They also were seeing the side of their Dean of Students that is deeply committed to community service. "I come from the Catholic tradition of social justice, of treating others the way you'd want them to treat you," he says. "Ellen (Taussig) comes from the Jewish tradition; we say we're teaching the Humenschities." By which he means, "we don't just tell kids that society has problems. We try to give them experiences in serving the community that provide an idea of how to solve those problems."

And in typical fashion, Kevin gets personally involved in ways that make others both laugh and get active. Did he want to keep the school open all night for Movie Night, an event he calls "a cocktail of sleep deprivation, caffeine, sugar, and hormones?" No, he says, "I'd rather cover myself with bacon and run through the grizzly bear exhibit at the zoo." But because the event inspired juniors and seniors to raise more money to buy mattresses, wiring, paint, drywall and refrigerators for migrant camps in the Skagit Valley, Kevin stalked the halls on Movie Night until dawn.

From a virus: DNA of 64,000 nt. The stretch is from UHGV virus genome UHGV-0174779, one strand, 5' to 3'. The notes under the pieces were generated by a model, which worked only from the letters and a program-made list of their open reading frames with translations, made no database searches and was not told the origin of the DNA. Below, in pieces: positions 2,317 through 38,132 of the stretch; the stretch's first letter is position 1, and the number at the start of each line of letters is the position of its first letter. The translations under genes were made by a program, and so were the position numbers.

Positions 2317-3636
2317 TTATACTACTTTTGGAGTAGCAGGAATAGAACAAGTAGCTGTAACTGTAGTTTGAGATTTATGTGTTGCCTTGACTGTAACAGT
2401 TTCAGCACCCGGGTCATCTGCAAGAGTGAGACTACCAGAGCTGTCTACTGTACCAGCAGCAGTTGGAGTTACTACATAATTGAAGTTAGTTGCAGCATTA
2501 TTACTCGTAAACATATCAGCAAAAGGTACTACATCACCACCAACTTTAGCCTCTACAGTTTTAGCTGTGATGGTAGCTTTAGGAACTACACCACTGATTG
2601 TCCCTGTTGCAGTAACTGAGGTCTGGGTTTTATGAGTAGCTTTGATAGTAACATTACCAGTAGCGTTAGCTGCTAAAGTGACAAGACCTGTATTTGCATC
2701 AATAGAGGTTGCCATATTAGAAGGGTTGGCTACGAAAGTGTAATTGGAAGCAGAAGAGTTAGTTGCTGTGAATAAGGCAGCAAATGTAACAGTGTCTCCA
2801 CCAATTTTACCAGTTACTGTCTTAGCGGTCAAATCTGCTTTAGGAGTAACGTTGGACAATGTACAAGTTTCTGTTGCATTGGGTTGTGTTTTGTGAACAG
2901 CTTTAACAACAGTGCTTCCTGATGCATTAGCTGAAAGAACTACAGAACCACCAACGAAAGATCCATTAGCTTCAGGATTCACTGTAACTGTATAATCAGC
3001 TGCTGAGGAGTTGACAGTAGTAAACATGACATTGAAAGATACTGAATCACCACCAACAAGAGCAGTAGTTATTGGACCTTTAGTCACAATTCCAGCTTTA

Even grousing about dawn patrol doesn't disguise the pleasure he takes in being with students under any circumstances. Over time, that attitude has been a valuable gift to many parents. It's not uncommon to go into a conference about a child feeling disappointed or worried, but to emerge with a more positive way of seeing and interacting with that child that can last for years. "I love watching our kids grow here," he grins. "Every year I see them moving along this continuum, learning courtesy and common sense by Braille. It's enough to keep alive a nagging sense of optimism that every kid will figure it out."

-- NWS News Magazine, January 2004